Poverty in Finland
Poverty in Finland? Regardless of a person’s wealth, social well-being or background, Finland is one of the most successful countries in providing equal opportunities for all citizens. No person in Finland lives beneath the international poverty line due to social benefits for employees, pensioners and young people.

Successfully Fighting Poverty in Finland

As of January, Finland has seen its highest unemployment rate since June 2016, with an increase to 9.2 percent. Although the rate has increased, Finland is currently in the midst of trialing a universal basic income scheme. The country now pays its unemployed citizens £475 per month in place of previous social benefits and will continue to pay this even when citizens find work. This trial aims to not only reduce but bring an end to poverty in Finland.

Although this scheme is intended to alleviate poverty in Finland, it could also push more people below the poverty line. Due to child benefits, housing allowances and national pensions being cut, Finland could see a rise in poverty rates. Already 180,000 pensioners live below the poverty line and this could increase due to the cuts in benefits and allowances that the government previously provided. Even with the government paying unemployed citizens monthly, pensioners will benefit more from social allowances than from this recurring payment.

Education in Finland is designed to provide the best experience for students and to lead them straight into employment. Children do not start school until they reach the age of seven and are not formally tested until they reach 16. With a high graduation rate of 93 percent, 66 percent of students then continue to study at college-level and another 43 percent begin vocational training. The school system is completely funded by the state in order for every child to have the opportunity to receive an education. With a high rate of college and vocational applicants, Finland provides every opportunity for students to head straight into employment.

Healthcare is not free in Finland; it is funded through taxation and patient fees. Facilities determine medical charges based on the patient’s ability to pay for their medication. Nevertheless, healthcare is available to all permanent residents in Finland.

Poverty in Finland is one of the lowest worldwide due to social benefits. Hopefully, this new scheme will prove to alleviate poverty and boost employment rates.

Georgia Boyle

Photo: Flickr

Education in Finland: A Model For Equality
Education in Finland is prestigious and public. After 40 years of education reform to propel the economy, Finland has created some of the finest students in the world. In 2000, they led in reading, in 2003, in math and in 2006, in science. Since 2009, they consistently rank at the top for each subject in the Programme for International Student Assessment.

Not only does education in Finland produce top tier students, but the country has also created an education system that works for everyone. About 93 percent of Finns graduate from high school, 17.5 percentage points higher than the US, and 66 percent go to college, the highest rate in the European Union. Yet, Finland spends 30 percent less on education than the US.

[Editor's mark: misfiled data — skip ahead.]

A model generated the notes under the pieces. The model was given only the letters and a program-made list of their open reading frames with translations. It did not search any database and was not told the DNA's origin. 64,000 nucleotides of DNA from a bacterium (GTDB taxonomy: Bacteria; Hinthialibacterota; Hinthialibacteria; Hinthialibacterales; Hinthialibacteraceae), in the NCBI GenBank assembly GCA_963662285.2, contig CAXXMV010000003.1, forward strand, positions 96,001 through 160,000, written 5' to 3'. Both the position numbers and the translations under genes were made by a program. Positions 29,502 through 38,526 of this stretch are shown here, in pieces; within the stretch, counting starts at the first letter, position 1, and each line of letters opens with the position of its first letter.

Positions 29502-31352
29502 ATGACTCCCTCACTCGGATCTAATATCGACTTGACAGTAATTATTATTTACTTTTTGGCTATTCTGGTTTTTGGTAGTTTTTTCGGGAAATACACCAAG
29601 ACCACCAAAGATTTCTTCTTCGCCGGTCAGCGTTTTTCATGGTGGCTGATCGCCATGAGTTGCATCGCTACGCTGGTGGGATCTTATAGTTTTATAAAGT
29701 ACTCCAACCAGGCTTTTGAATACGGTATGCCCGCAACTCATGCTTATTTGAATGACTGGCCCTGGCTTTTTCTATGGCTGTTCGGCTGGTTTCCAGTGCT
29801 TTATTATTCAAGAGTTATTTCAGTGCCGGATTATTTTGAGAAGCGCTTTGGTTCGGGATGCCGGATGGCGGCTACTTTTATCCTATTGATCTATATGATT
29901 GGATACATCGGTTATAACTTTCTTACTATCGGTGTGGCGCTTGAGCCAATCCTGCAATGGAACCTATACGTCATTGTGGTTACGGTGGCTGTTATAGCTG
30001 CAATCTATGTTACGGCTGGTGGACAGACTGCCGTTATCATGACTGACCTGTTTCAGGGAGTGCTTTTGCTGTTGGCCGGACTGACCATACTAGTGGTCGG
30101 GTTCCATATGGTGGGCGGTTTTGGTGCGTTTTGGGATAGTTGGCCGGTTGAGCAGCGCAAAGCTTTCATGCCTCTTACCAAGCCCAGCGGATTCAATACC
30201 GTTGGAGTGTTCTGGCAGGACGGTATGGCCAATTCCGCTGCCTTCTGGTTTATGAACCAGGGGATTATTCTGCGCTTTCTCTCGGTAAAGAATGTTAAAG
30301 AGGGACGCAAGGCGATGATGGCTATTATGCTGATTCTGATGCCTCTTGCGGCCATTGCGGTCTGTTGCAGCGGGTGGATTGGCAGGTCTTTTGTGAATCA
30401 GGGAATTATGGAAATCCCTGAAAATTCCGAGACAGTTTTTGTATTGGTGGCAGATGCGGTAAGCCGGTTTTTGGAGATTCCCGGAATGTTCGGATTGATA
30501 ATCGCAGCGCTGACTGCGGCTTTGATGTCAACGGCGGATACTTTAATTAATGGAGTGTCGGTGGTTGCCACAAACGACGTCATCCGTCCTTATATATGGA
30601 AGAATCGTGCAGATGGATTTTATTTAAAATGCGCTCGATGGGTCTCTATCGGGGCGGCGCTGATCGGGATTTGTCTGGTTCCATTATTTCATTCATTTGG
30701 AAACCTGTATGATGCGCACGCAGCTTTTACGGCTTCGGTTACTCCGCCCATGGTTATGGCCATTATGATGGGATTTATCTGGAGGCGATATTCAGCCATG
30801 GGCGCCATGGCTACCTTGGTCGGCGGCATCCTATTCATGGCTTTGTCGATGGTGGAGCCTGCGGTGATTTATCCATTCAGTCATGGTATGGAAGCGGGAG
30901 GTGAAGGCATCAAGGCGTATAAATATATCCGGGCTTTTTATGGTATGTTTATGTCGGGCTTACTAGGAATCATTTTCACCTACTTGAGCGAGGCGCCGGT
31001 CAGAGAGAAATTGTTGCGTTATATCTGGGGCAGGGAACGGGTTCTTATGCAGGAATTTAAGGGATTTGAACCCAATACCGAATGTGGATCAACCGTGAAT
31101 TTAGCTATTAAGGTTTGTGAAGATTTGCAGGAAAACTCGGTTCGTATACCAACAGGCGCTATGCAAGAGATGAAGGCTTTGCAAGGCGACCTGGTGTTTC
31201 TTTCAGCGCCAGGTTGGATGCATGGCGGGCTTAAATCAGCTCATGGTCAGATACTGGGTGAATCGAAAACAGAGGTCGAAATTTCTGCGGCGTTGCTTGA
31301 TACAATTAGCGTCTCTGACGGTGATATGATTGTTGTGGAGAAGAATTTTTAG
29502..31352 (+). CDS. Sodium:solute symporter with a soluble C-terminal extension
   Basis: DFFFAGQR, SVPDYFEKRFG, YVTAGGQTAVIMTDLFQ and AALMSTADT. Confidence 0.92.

Even with their amazing achievements in education, however, Finland has not yet found a popular following in implementing similar policies within other countries. In Finland, there is only one standardized test, unlike the U.S. and many Asian countries, where standardized tests are taken every year to measure students. Science classes are capped at 16. In the U.S., however, poorer public school systems pack many students into underfunded science classes. Teachers are also required to have master’s degrees, which are fully subsidized by the government, while the U.S. expects a bachelor’s degree without providing subsidies.

Although Finland may strive for excellence in education, they primarily value equality, a value missing in many American and Asian education systems. Whereas gifted students are separated into higher level classes in the U.S., Finland keeps all students in the same classrooms, providing extra help to those who need it. There are no private schools in Finland as all schools are 100 percent publicly funded. Each student has equal access to free school meals, health care, psychological counseling and individual student guidance, regardless of socioeconomic background.

As opposed to the U.S., where a good education generally means sending your kids to private or charter schools if you can afford it, Finland provides an equal education for everyone. Rather than creating a market for certain individuals to buy the best quality education, Finland created the base of its education system to help everyone. As opposed to Asian cultures that stress constant studying and competition between students, Finland prioritizes the students’ learning desires and fostering cooperation. There are no rankings for best schools or students.

Among other factors, Finland also selectively chooses its teachers; there is a 7 percent acceptance rate in Helsinki, which encourages constant retraining for teachers, creates broad curriculum guidelines and focuses more on quality time in the classroom. Education in Finland is clearly more relaxed and equitable, yet they still consistently boast the best scores. Although expensive private schools and exhaustive studying may produce similar results, they are not the most efficient strategies for a both equitable and robust education system.

Henry Gao

Photo: Flickr